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  • What the Bruins learned a day after their Game 1 loss

    Tim Rosenthal April 12, 2019
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    Learning lessons. Every team uses them during the long 82-game season — and in some instances beyond. Heck, we tell you about what we learned from every Bruins game on Bruins Daily in our postgame column.

    The Bruins learned a few things from their Game 1 loss to the Maple Leafs. The biggest takeaway: what they preach before the series sometimes isn’t good enough. They had a reminder of that on Friday during their film session of the 4-1 series-opening setback against their Original Six rivals.

    “Toronto getting behind us was addressed for three days,” head coach Bruce Cassidy said. “We’ll have to continue to send that message. Obviously, that’s on the staff to make sure it gets through. And then how aggressive [we can be] because of that.”

    Sometimes it’s best to burn a tape in a dumpster fire following a lackluster showing. Other times it’s best to remind the team about being exposed if they aren’t careful with their defensive layers. Mitch Marner, John Tavares, William Nylander and the rest of the Leafs exposed the cracks in Boston’s back end en route to several quality chances on breakaways and odd-man rushes in Game 1.

    But the Bruins had other areas of concerns following Game 1. Their puck management wasn’t as crisp. Their physical play only showed up in spurts. And their decision making left some of the 17,565 capacity crowd at TD Garden scratching their heads.

    So, the Bruins went back to the drawing board Friday at Warrior Ice Arena in preparation for Game 2 Saturday night.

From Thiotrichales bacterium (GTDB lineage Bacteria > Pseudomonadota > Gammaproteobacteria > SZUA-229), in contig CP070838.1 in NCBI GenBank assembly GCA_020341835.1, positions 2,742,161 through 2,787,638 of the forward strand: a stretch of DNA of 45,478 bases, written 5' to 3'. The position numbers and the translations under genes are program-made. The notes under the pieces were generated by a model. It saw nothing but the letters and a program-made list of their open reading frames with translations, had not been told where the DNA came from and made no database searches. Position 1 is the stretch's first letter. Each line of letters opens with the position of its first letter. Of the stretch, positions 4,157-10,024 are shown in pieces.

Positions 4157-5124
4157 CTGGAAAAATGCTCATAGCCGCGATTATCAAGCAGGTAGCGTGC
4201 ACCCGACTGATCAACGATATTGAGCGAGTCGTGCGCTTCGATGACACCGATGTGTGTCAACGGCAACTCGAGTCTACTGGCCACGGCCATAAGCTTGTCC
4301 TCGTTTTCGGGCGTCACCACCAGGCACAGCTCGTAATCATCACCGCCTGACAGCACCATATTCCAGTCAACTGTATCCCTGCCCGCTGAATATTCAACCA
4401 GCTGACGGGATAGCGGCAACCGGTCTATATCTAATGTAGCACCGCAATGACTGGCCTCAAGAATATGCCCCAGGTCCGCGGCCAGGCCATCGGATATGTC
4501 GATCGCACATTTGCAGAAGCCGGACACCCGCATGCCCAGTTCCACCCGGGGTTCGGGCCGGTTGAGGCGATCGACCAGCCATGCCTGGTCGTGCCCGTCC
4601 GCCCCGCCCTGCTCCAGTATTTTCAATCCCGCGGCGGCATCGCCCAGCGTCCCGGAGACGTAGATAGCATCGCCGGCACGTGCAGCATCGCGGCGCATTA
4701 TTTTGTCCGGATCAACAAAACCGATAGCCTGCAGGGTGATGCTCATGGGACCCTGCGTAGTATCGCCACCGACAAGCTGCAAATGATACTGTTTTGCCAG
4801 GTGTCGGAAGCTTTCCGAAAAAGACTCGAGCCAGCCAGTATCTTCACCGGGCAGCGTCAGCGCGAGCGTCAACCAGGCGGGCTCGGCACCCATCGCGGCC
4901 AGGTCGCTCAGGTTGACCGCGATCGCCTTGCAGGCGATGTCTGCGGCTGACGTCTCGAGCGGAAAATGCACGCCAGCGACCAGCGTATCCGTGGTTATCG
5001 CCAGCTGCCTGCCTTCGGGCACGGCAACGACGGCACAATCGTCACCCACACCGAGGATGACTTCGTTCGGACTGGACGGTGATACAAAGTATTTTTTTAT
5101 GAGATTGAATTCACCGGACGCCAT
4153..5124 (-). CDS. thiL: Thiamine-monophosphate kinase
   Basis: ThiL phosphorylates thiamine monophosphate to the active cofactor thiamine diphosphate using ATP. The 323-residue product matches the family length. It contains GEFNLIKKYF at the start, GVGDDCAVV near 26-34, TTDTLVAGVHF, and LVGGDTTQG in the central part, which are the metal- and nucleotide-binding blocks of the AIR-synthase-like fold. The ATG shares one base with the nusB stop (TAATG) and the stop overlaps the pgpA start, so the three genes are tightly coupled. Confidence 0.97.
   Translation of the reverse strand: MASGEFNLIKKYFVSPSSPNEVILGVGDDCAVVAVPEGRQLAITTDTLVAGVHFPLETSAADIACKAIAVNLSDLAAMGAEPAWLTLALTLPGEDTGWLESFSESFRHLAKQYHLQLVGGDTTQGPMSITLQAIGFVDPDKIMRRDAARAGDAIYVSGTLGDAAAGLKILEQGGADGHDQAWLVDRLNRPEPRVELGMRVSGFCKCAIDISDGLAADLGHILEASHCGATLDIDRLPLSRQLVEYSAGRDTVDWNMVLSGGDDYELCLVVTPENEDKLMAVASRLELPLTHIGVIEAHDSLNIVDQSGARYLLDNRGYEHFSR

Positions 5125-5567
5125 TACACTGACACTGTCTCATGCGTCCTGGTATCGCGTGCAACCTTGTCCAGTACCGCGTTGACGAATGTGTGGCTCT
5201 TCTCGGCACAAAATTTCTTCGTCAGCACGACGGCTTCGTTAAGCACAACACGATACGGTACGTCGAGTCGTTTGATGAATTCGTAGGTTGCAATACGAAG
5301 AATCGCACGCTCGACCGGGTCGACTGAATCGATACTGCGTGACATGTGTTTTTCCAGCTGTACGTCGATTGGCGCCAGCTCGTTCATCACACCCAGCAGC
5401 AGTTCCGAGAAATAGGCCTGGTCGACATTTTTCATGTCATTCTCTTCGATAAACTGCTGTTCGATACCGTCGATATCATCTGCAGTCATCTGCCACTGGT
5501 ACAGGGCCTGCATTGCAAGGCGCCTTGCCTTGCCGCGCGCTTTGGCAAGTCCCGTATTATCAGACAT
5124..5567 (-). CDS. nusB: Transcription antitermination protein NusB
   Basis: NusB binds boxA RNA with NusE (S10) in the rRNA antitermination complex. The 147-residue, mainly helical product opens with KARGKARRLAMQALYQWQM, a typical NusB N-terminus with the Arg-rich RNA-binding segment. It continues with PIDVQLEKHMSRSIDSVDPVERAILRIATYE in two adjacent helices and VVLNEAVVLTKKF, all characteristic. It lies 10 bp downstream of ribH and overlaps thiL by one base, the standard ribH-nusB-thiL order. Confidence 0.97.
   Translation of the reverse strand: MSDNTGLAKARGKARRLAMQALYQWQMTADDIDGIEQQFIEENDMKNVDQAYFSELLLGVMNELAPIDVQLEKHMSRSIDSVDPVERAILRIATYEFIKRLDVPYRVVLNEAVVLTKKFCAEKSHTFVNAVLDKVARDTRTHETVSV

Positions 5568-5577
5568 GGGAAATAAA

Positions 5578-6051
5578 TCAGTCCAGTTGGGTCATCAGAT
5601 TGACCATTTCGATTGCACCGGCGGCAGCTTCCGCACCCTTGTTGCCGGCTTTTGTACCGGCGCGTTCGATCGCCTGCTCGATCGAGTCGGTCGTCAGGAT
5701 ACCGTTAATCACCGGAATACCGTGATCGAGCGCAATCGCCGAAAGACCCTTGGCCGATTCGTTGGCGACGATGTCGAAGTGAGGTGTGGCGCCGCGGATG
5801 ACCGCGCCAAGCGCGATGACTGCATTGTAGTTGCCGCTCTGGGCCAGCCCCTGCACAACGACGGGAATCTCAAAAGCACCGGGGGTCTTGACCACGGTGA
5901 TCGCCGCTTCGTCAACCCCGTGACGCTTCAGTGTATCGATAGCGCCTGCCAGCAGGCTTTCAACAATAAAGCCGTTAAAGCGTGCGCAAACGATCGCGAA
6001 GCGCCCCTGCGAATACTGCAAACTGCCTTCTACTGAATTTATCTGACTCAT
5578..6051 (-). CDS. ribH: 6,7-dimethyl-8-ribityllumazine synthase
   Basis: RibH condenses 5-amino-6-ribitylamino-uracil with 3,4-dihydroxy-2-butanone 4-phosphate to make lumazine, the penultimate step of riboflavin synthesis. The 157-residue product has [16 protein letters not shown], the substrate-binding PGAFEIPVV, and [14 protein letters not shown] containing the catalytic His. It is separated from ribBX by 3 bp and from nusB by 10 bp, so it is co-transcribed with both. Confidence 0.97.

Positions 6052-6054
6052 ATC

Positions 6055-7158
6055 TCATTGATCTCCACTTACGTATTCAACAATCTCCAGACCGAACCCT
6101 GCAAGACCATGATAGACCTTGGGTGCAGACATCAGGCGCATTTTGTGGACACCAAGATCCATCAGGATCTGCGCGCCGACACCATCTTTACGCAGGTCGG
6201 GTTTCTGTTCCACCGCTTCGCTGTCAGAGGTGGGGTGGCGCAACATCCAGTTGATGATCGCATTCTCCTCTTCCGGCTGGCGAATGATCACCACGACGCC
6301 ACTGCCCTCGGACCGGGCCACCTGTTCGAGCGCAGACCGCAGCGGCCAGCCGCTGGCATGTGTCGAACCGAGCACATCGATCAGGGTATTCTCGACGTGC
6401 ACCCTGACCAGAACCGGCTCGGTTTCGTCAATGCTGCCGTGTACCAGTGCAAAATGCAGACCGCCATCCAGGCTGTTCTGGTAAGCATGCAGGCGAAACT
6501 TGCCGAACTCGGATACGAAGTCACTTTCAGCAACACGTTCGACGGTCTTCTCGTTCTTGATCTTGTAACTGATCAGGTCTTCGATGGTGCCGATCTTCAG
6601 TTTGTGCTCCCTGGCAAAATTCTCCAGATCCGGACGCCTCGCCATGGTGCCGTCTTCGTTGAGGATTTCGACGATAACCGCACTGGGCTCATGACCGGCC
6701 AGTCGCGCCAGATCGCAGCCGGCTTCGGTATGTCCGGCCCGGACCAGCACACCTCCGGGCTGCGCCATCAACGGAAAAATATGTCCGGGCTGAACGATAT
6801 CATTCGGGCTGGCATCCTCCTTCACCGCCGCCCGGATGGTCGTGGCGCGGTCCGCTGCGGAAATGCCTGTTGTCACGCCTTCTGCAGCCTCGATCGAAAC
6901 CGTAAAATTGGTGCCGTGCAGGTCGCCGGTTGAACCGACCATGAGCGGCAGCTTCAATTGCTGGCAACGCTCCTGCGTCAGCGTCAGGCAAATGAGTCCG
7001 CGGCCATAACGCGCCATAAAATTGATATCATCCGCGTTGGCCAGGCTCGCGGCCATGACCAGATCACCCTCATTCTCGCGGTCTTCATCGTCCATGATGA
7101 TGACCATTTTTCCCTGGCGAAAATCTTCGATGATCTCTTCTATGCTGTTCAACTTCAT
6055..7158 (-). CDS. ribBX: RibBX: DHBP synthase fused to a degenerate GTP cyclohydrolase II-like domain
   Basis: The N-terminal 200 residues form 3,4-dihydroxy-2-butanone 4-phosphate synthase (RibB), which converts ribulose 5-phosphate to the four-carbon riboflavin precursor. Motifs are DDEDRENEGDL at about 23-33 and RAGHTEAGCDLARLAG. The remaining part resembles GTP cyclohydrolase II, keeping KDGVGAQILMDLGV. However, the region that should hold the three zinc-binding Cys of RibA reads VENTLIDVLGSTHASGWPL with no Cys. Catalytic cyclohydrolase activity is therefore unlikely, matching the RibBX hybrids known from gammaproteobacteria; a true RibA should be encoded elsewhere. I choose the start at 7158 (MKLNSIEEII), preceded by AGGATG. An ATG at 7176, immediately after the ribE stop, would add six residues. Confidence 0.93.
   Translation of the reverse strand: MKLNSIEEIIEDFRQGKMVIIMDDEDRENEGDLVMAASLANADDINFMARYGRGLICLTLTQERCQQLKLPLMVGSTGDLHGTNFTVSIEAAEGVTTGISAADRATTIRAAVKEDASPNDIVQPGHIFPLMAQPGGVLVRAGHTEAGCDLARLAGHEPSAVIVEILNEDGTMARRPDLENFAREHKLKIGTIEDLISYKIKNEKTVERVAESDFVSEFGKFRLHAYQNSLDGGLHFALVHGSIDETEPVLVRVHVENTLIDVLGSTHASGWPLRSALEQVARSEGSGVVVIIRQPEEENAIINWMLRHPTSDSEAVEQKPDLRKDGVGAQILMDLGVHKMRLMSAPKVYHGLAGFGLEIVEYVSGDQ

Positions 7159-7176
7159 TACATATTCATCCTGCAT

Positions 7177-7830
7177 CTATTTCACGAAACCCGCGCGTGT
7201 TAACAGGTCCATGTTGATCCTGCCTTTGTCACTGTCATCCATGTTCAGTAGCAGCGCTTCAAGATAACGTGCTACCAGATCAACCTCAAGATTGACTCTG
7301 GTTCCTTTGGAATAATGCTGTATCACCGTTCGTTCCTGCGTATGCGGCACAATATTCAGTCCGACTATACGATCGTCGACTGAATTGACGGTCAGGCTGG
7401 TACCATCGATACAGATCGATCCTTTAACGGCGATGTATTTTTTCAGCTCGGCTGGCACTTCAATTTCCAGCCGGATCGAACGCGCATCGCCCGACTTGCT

“To me, players have always been responsible for effort and execution. They control that as soon as they go over the boards. And part of our execution last night with the puck wasn’t good enough with our decision making,” Cassidy added.

    “We talked about appropriate risk/reward. Those are the biggest two biggest things. There are other parts of the game — a little more urgency, a little more physicality, cleaner breakouts — but some of that goes to effort and some of that goes to execution. Those are the three biggest areas, and that’s what we talked about this morning and we worked on that a little bit in practice. So let’s hope we carry that over.”

    For all the problems they had containing the Leafs’ attack, the Bruins had a couple of things going for them. They got off to a solid start and a 1-0 lead on Patrice Bergeron’s power play tally. The third line of Danton Heinen, Charlie Coyle and Marcus Johansson looked comfortable against Toronto’s bottom six in a rather decent performance.

    But the Bruins know they need all hands on deck this time of year, regardless of who’s in the lineup. They found that out first hand at Friday’s practice as Jake DeBrusk took a maintenance day following a couple of rough falls in Game 1.

    One game doesn’t decide a series after all. The Bruins know they need to be sharp in Game 2. They don’t want to go north of the border carrying a 0-2 series deficit. But they also know to maintain a leveled approach at this time of year.

    “Yeah, like I said, we stay positive through it all no matter what happens,” Coyle said a day after tallying three shots on net and 15:29 time on ice in Game 1.

    “You can’t get too high and you can’t get too low. That’s playoffs. It’s easy to get caught up in the ups and downs. We’re back at it with a chance at home again and we’re excited to get going again in Game 2.”

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